The dangers inherent in such extreme over-reliance were laid bare in January 2012, when the government suspended oil production after failing to resolve a dispute with Sudan over oil export terms and payments. With no alternative means for exporting its oil, South Sudan was forced to introduce severe austerity measures. However, the loss of oil revenue has also prompted the government to improve its fiscal discipline, maximise non-oil revenue (mainly taxes and budgetary assistance) and reduce the economys dependence on oil exports, notably by seeking to develop the agricultural sector. Oil production resumed in April 2013, and it is too soon to say whether the government will continue with these measures. If it does so, it may stand a better chance of making oil a blessing, rather than a curse.
Livelihood systems in South Sudan have undergone drastic and volatile changes over the last three decades. These changes require a thorough and in-depth understanding as a prerequisite for any policy towards sustainable livelihood recovery in South Sudan. Critical to this will be the establishment and embedding of security and the rule of law across South Sudan. Besides the focus on strengthening the states monopoly over the means of violence, addressing the challenges of regenerating and rebuilding social capital in the wake of the conflict is critical for building sustainable grassroots peace among communities. This in turn can help to rebuild the kinship support systems that underpin the resilience of Southern Sudanese livelihoods. To do this effectively, a more nuanced understanding of how different forms of conflict have affected different communities is necessary. It is important that peacebuilding efforts address conflict both within and between communities, as experience in Gogrial and Abyei shows that such internal conflict can have a greater negative impact on livelihoods than conflict generated by external actors. South Sudan will also need to draw on experiences from other oil-rich countries in adopting appropriate policies to ensure that oil revenue is used to transform the agricultural sector and promote private sector development. This will be central, not only for addressing the challenges of livelihood diversification, but also for achieving sustainable peace and development.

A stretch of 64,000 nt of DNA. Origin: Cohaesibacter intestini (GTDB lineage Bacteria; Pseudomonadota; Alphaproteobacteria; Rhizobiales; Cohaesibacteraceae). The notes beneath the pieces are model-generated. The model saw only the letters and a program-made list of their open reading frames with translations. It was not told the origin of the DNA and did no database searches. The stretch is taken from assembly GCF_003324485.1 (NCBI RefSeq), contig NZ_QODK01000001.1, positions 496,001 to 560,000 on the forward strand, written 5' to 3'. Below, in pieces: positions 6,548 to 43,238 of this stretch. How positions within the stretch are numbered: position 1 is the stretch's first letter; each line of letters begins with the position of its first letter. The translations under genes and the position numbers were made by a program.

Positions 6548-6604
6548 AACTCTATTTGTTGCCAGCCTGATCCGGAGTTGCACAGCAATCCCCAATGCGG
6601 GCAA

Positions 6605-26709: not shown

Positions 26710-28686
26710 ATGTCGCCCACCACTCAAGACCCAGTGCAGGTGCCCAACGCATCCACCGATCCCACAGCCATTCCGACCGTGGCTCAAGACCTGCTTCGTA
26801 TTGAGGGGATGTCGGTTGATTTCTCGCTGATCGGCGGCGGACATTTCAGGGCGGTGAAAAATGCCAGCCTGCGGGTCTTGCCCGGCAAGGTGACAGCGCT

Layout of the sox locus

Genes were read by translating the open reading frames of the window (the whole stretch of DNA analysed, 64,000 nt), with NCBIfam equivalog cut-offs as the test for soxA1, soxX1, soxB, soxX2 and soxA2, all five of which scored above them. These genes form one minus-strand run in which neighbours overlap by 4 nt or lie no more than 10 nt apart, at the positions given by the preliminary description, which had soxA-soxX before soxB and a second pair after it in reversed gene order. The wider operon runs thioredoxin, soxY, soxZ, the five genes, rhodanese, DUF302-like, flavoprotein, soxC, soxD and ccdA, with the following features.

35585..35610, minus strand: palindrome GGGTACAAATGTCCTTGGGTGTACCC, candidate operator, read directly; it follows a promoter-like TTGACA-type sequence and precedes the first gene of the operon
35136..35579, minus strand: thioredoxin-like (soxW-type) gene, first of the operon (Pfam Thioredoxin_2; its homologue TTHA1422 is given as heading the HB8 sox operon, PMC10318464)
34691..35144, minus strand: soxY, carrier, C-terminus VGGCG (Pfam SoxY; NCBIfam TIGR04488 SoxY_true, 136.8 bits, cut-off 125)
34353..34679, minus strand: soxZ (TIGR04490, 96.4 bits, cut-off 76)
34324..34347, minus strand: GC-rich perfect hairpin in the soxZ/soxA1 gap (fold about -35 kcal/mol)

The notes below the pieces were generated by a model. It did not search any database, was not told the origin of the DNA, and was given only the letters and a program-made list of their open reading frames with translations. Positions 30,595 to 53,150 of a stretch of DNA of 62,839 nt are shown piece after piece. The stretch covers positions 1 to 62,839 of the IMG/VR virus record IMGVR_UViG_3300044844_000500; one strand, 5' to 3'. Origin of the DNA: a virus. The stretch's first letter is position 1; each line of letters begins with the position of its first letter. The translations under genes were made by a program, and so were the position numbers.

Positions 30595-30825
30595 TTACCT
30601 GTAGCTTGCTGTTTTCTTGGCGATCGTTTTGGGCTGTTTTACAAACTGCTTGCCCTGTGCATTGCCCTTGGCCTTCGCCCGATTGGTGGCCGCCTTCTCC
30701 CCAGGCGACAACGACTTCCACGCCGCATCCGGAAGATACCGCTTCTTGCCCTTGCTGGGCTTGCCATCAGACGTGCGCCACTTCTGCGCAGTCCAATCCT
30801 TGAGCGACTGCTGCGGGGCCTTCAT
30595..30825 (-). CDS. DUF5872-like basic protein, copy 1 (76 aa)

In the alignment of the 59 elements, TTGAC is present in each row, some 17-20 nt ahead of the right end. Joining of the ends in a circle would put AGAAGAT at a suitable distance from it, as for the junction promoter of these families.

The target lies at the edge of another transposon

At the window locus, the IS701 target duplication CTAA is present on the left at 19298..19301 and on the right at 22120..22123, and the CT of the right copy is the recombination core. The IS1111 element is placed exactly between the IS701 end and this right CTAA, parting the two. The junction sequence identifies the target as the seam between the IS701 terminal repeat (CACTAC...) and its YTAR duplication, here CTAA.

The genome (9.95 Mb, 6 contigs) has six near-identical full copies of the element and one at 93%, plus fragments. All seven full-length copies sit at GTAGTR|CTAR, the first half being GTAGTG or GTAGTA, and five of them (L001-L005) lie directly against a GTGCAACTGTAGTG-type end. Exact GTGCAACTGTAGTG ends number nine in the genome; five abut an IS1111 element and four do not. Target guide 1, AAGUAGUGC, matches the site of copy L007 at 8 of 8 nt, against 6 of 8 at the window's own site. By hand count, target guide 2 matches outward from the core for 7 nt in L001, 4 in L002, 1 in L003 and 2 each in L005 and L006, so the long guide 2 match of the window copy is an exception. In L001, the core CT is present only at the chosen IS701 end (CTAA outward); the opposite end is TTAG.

Luka Biong Deng is currently a fellow at the Harvard Kennedy School, John F. Kennedy School of Government. He recently stepped down as representative of the President of the Republic of South Sudan on the Abyei Joint Oversight Committee, where he was co-chair. He served as Minister of Cabinet Affairs in the united Sudan and as Minister in the Office of the President of the government of South Sudan. He also held the post of senior economist at the World Bank in Southern Sudan.